- Carnival Corporation, the largest cruise company in the world, will sell 18 ships, amounting to 12% of its fleet.
- The company made the announcement in a third-quarter earnings filing, where it also reported a $US2.9 billion net loss for the period.
- Carnival has already sold eight ships and postponed deliveries of new vessels.
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As the cruise industry’s pandemic-induced hiatus drags on, Carnival Corporation â€” the largest cruise company in the world â€” announced plans to sell off 18 of its ships this year in a third-quarter earnings filing on Tuesday.
As the parent company of nine cruise brands including the coronavirus-marred Princess Cruises, Carnival counts more than 100 ships in its fleet. The 18 ships to be sold account for roughly 12% of Carnival’s fleet and 3% of its 2019 operating income, according to the filing.
The announcement comes as the Centres for Disease Control’s no-sail order on cruises stretches into its sixth month. The CDC halted cruise operations in March after the ships emerged as some of the earliest COVID-19 hotspots. The Miami Herald reports that at least 24 Carnival Corporation ships had outbreaks, leading to at least 80 deaths among passengers and crew members.
In earnings documents, Carnival reported a $US2.9 billion net loss for the third quarter of 2020 and said it is speeding up the removal of less-efficient ships that it had planned to sell in coming years. Reducing capacity will “structurally lower cost base, while retaining the most cash generative assets in our portfolio,” Carnival CEO Arnold Donald said in the filing.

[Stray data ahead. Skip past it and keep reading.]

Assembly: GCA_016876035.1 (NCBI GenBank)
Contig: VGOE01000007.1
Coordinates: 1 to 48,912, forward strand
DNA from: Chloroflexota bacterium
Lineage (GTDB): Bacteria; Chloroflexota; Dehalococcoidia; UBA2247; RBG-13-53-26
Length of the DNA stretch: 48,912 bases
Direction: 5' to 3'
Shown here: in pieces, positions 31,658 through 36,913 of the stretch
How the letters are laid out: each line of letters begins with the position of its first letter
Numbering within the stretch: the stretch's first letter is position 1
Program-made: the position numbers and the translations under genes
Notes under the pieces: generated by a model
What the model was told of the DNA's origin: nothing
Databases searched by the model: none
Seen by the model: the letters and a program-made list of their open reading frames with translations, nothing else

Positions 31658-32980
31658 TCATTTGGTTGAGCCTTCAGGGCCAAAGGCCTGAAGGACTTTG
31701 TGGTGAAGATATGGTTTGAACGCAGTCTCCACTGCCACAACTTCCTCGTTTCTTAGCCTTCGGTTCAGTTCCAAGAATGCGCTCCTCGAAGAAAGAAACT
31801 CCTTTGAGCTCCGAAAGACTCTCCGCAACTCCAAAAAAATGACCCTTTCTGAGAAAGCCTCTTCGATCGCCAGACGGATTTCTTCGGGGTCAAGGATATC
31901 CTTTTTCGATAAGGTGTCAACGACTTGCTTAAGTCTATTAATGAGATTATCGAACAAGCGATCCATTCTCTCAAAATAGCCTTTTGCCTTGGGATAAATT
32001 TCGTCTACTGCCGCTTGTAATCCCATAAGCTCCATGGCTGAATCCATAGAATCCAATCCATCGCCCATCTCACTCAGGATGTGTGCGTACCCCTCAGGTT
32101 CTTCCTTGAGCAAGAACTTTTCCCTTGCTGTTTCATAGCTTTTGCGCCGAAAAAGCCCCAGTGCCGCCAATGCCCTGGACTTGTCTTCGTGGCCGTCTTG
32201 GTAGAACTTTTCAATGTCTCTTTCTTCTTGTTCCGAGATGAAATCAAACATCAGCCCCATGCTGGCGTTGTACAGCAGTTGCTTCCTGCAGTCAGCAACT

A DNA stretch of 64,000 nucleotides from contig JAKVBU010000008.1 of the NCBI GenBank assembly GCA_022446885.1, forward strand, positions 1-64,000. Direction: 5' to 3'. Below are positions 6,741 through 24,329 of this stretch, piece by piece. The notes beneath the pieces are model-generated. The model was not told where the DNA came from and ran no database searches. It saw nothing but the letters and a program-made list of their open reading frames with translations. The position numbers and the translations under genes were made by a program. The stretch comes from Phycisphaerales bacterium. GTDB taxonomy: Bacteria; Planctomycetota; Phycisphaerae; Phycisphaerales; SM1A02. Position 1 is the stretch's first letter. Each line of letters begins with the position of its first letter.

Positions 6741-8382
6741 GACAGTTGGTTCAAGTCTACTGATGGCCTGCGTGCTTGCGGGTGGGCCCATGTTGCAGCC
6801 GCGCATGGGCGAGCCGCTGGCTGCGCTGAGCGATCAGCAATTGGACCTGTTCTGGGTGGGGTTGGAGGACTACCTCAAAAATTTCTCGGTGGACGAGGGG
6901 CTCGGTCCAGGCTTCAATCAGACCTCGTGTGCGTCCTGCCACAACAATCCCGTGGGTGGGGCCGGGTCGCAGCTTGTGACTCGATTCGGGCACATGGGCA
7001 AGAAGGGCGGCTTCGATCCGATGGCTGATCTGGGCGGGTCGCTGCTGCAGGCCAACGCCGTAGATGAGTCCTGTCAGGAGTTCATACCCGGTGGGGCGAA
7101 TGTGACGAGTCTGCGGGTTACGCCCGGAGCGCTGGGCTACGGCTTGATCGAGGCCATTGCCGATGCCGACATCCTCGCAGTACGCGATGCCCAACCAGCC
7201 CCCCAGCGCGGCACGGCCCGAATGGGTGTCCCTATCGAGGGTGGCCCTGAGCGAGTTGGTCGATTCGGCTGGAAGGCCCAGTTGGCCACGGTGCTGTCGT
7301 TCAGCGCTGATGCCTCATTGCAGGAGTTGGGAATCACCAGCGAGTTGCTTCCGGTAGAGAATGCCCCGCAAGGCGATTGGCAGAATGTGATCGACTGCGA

“The ships being removed are our older, less efficient ships that would have ultimately been removed from the fleet over time, but we were able to move up our time table during our pause,” Carnival’s chief communications officer, Roger Frizzell, told Business Insider in an email. “Several of these ships have already been removed from the fleet, while others are currently in negotiations.”
The company already parted ways with eight ships this year, including four from Carnival Cruise Line. In an effort to cut costs, it also postponed some new-ship deliveries scheduled for 2021 and paused new orders.
“Currently, the company is unable to predict when the entire fleet will return to normal operations, and as a result, unable to provide an earnings forecast,” the filing read. “The pause in guest operations continues to have a material negative impact on all aspects of the company’s business, including the company’s liquidity, financial position and results of operations.”
A possible bright spot for Carnival is that one of its brands, Costa Cruises, restarted operations in Italy on September 6. German brand AIDA Cruises plans to resume sailing in the fall.
This story has been updated to add a statement from Carnival Corporation.
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